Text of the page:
we have forgotten what a city was -- 1/20/16
Today's selection -- from The Other Paris by Luc Sante. In the passage below, Sante discusses the evolution through time of the rich and poor neighborhoods of Paris, with pronounced sympathy for the poorer ones:
"The Quartier de l'Europe ... retains the greatest concentration of money and power [in Paris], and in that way common to old-money neighborhoods in many cities, it has probably preserved more of those small businesses, cafes, and such than have the more vulnerable neighborhoods elsewhere, because the rich have the power to save the things they love. That wedge of western Paris has changed primarily in that its composition now includes not just the old families and the nouveaux riches but also a significant number of foreign and often absentee property owners who invest in a Paris flat the way they might buy art and warehouse it. That attitude might almost make you think fondly of the old families, who at least are or were connected to the city's soil and history. But then you might recall how consistently inimical the western districts have been to the rest of the city over time, how they made common cause with the Prussians against the Commune in 1871; called for the extermination of the Communards, including women and children, during the Bloody Week in May of that year; and in 1938, after the Popular Front, 'acclaimed Hitler in the cinemas of the Champs-Élysées at twenty francs a seat,' while even fashionable ladies joined in shouting the slogan 'Communists, get your bags; Jews, off to Jerusalem.' It is no coincidence that the Gestapo office on Rue des Saussaies and the headquarters on Rue Lauriston of its French counterpart, the Carlingue, were both situated within that triangle.
"[The poor neighborhoods were] undeniably rougher. The marketplace of the street brought all types to the fore, and they did not necessarily speak correctly or measure their tones or clean themselves up; they might not have wished you well. And the streets themselves held as many gaping eyesores as they did the sort of charmingly weathered houses you admire in Atget's pictures. ... So, you might ask, why should we care that those people or their contemporary avatars have vanished from the city? Isn't it pleasant that Saint-Médard has been so nicely cleaned up and aired out that now it looks like the parish church in Anyville? And isn't it at least sanitary that Place des Fêtes has been so landscaped? And if it is surrounded by monolithic highrises with all the charm of industrial air-conditioning units, that at least mean they are designated for low-income housing? Because, after all, if the low houses that ringed the square before urban renewal claimed it had been cleaned and repaired instead of being razed, no one living there could today afford the neighborhood. There are indeed a few places in Paris where the poor can live, but the requirement is that those places be inhuman, soulless, windswept. In the past the poor were left to hustle on their own, which might mean accommodating themselves to squalor, with accompanying vermin; the bargain they are offered today assures them of well-lit, dust-free environs with up-to-date fixtures, but it relieves them of the ability to improvise, to carve out their own spaces, to conduct slap-up business in the public arena if that is what they wish to do. They are corralled and regulated in ways no nineteenth-century social engineer could have imagined. ...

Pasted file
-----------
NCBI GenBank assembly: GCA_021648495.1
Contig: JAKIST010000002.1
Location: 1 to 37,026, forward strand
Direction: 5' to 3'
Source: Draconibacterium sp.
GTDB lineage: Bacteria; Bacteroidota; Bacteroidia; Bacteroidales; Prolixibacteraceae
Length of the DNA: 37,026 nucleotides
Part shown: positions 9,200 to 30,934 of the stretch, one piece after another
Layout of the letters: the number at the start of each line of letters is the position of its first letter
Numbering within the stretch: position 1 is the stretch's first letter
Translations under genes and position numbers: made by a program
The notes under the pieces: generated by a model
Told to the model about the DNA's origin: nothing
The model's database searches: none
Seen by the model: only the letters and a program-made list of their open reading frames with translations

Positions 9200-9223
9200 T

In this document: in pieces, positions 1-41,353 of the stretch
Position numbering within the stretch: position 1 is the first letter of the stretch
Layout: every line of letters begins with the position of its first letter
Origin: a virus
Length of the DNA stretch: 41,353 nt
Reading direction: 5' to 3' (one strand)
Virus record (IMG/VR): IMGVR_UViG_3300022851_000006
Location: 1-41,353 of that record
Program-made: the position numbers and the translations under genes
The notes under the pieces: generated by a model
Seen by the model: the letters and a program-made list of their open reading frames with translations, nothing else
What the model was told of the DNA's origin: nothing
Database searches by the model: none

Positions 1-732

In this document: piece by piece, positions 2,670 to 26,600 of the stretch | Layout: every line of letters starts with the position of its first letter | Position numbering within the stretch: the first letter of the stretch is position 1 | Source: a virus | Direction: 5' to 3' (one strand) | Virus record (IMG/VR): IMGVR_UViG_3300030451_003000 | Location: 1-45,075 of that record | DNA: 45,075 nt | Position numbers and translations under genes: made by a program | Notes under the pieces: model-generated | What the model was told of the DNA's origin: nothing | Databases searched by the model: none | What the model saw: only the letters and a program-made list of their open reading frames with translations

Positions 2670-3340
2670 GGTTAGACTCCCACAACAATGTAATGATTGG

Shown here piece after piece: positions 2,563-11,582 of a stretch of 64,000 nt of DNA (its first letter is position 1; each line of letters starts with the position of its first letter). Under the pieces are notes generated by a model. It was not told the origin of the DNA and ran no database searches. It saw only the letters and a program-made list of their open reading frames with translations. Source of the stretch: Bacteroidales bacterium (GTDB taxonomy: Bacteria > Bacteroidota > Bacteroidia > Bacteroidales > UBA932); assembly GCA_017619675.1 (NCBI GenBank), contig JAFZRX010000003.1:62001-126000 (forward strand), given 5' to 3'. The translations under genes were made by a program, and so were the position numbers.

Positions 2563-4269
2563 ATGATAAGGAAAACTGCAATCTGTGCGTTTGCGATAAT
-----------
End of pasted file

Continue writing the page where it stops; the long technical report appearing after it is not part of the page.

|Marche de Saint-Medard|
"This is not to imply that society was just or kindly; it was brutal, generally. Nevertheless, there was room for the full range of classes, and everyone was somehow equally involved in the common task of constituting a city. It was an ecosystem in which every aspect of the physical fabric was employed and drained and periodically revitalized, in which everything from rags and bones to ideas and fads was recycled and where nothing was disposed of until it was completely spent. So much of life was conducted in public that an entire education could be procured just by walking around, from riverbank to market to square to boulevard, from 'the great poem of display' (Balzac) to the performances of the mountebanks, from the dance halls to the public executions, from the news vendors to the dandies, from the prostitutes to the bill posters, from the east to the west. ...
"The past, whatever its drawbacks, was wild. By contrast, the present is farmed. The exigencies of money and the proclivities of bureaucrats -- as terrified of anomalies as of germs, chaos, dissipation, laughter, unanswerable questions -- have conspired to create the conditions for stasis, to sanitize the city to the point where there will be no surprises, no hazards, no spontaneous outbreaks, no weeds. The reformers and social activists of the past, faced with the urgent task of feeding the hungry and housing the unsheltered, failed to anticipate that the poor would, in exchange, be surrendering the riches they actually possessed: their neighborhoods as well as their use of time, their scavenger economy, their cooperative defenses, their refusal to behave, their ability to drop out of sight, their key to the unclaimed, the scorned, the common property of the streets. As a consequence of these and other changes, we have forgotten what a city was. There was a flavor to the city that has now been eradicated. It had a fugitive lyricism almost impossible to recapture."